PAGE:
Abnormal arrhythmias are the product of electrical abnormalities in cardiac rate and/or rhythm, and may produce transient or more sustained disruptions in rate and/or rhythm. Those that are associated with transient or sustained increases in heart rate above the normal sinus rhythm are called tachyarrhythmias, while those associated with a heart rate that is lower than the normal sinus rhythm are called bradyarrhythmias. Some forms of arrhythmia may be composed of both fast and slow components.
- Isolated premature beats or pairs or short bursts of premature beats result in transient disturbances to the cadence of the heart rhythm.
- Sometimes a premature beat may result in only the presence of abnormally long pause between beats. This is because if the premature beat is extremely early (premature), no additional heart sounds may be detected, and an abnormal pause results. One might suspect that so-called “dropped beats” are occurring. Premature ventricular beats (PVCs) tend to cause longer pauses than supraventricular ones (SVPCs), but it is important to recognize that the type of premature beat (ventricular vs supraventricular) cannot be determined from listening – an ECG is required for this.
- If the premature beat is slightly less premature, only an S2 may be detected, so that the rhythm will sound like S1 then S2 and another S2 in rapid succession. This could be misinterpreted as a gallop. Gallops are not intermittent like premature beats and they are not followed by an abnormal pause.
- Even less premature beats may be associated with both an early S1 and S2.
- Sustained ventricular or supraventricular tachycardia (many premature beats in a row) can be associated with a regular rhythm, albeit at a faster than normal rate.
- Atrial fibrillation produces a very irregular rhythm and typically a fast heart rate (often described as sounding like “shoes in a dryer”). It may be difficult to differentiate from very frequent premature beats on auscultation and an ECG is required for definitive diagnosis.
- Some bradyarrhythmias produce a heart rate/rhythm that is both slow and irregular. Examples can include some forms of atrioventricular block, some cases of atrial standstill, some cases of sinus bradycardia, and sick sinus syndrome (characterized predominantly by abrupt and lengthy pauses).
- Other bradyarrhythmias may produce a heart rate that is slow but a rhythm that is still quite regular. Examples can include some forms of atrioventricular block, some cases of atrial standstill, and even some cases of sinus bradycardia.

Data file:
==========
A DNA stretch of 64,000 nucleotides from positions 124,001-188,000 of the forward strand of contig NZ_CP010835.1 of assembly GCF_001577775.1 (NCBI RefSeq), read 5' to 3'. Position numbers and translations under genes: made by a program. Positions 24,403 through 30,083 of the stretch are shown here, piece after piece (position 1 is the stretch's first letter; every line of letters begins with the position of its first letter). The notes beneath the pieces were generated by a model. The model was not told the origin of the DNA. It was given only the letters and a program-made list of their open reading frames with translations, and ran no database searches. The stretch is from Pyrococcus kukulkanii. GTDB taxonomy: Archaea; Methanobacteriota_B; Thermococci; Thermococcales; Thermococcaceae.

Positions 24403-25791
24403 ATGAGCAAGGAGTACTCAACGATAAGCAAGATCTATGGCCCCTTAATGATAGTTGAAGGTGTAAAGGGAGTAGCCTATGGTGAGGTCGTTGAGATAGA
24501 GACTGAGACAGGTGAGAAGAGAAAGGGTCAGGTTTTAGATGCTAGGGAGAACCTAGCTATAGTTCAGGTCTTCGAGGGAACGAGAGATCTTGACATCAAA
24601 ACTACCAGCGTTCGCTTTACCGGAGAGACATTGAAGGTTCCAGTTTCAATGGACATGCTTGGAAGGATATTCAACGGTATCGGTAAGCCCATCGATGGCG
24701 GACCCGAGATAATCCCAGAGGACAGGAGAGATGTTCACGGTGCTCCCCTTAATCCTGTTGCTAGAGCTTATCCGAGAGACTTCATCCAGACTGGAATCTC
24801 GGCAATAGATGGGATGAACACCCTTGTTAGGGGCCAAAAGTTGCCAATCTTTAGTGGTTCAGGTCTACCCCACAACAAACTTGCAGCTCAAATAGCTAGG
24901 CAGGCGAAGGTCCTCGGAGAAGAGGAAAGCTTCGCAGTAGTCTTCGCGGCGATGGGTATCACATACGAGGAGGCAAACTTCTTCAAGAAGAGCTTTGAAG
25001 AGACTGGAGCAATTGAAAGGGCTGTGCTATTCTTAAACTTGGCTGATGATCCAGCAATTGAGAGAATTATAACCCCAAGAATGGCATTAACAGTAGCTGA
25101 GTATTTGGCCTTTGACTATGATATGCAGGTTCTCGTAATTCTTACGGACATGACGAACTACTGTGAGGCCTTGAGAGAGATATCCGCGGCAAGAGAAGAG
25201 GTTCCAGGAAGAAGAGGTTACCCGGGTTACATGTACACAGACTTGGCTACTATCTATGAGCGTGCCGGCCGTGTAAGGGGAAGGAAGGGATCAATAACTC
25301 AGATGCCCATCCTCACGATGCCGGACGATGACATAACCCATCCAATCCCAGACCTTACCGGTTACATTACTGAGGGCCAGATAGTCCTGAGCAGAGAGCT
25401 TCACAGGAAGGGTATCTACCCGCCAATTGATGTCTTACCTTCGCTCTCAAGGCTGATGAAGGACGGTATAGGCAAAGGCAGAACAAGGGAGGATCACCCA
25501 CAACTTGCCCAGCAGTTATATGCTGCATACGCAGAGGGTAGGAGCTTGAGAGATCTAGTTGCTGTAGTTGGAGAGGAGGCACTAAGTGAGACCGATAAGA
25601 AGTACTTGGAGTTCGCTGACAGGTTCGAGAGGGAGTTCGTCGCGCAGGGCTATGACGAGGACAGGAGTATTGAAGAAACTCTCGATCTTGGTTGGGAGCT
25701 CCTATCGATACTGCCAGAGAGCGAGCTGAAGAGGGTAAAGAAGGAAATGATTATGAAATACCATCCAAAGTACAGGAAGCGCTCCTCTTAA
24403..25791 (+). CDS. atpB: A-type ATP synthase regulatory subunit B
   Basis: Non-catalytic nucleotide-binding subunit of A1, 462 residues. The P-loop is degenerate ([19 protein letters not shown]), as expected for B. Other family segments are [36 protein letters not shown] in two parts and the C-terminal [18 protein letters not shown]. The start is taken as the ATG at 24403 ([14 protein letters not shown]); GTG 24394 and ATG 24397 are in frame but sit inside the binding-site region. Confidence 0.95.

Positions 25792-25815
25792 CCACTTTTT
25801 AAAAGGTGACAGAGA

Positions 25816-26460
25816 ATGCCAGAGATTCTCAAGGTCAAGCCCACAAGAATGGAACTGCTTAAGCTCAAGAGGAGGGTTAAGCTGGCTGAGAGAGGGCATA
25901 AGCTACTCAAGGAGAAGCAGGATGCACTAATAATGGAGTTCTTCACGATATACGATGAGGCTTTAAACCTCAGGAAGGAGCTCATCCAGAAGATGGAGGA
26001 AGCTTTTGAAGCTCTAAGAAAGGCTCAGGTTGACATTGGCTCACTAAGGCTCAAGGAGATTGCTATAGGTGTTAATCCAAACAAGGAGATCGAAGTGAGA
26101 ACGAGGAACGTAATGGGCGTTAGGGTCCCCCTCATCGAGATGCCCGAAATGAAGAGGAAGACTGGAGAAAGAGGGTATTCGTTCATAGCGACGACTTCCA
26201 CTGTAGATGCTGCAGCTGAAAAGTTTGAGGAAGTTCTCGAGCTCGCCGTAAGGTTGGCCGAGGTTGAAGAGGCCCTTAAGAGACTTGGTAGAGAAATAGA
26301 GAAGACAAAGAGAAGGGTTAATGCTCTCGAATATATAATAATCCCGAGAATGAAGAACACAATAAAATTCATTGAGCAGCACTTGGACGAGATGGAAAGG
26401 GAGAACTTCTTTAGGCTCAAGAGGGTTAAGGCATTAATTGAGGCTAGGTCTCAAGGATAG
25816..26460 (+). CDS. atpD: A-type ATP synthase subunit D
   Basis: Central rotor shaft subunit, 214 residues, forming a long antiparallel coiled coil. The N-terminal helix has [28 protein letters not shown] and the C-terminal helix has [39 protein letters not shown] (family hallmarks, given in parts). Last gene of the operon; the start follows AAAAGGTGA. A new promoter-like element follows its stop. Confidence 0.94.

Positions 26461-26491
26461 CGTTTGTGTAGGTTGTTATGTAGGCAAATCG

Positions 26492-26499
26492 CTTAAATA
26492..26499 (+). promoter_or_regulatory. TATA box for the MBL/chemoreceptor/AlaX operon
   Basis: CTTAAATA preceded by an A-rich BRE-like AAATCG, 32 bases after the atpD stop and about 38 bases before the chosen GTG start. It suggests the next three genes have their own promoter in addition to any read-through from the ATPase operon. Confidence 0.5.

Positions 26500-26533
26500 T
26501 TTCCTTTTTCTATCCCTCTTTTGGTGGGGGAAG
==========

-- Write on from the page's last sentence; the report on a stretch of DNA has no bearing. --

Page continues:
Abnormal Respiratory Sounds
Normal breath sounds are typically very quiet and sometimes barely heard particularly on expiration, depending on breed conformation and body condition. They should be soft, smooth, low-pitched, blowing sounds.
Abnormal respiratory sounds may arise from anywhere in the upper or lower respiratory tract. Types of abnormal respiratory sounds include the following:
- Stertor is a low-pitched snoring noise arising from the pharynx (often from flaccid tissue vibrating), audible without a stethoscope
- Stridor is a higher-pitched noise arising from the larynx or trachea (from rigid tissue vibrating), again often audible without a stethoscope
- Both stertor and stridor are upper respiratory noises associated with partial obstruction of the upper airways and not associated with cardiac disease.
- Wheezes are high-pitched continuous (long) inspiratory or expiratory sounds (but more commonly expiratory) that occur with tracheal or bronchial narrowing (either anatomic/structural or due to secretions)
- Crackles (formerly called rales) are high-pitched discontinuous (short) popping inspiratory sounds typically detected at the end of inspiration
- Subtle crackles may only be detected with a deep inspiration
- Sound like Velcro pulled apart, cellophane crinkling, or radio static
- Caused by explosive opening of small airways
- May be due to pulmonary edema (cardiogenic or non-cardiogenic), small airway disease (bronchitis), pulmonary fibrosis, or pneumonia, among other disease processes
- Crackles do not automatically indicate edema fluid in the the airways and do not equate to congestive heart failure. In fact, the loudest crackles are often associated with primary airway disease as opposed to pulmonary edema from heart disease.
- Diminished or absent respiratory sounds may also be considered abnormal, particularly when not explicable by increased body condition or when accompanied by increased effort. Pleural effusion is the most common cause, though other causes of sound insulation like hernias or mass effects may be considered.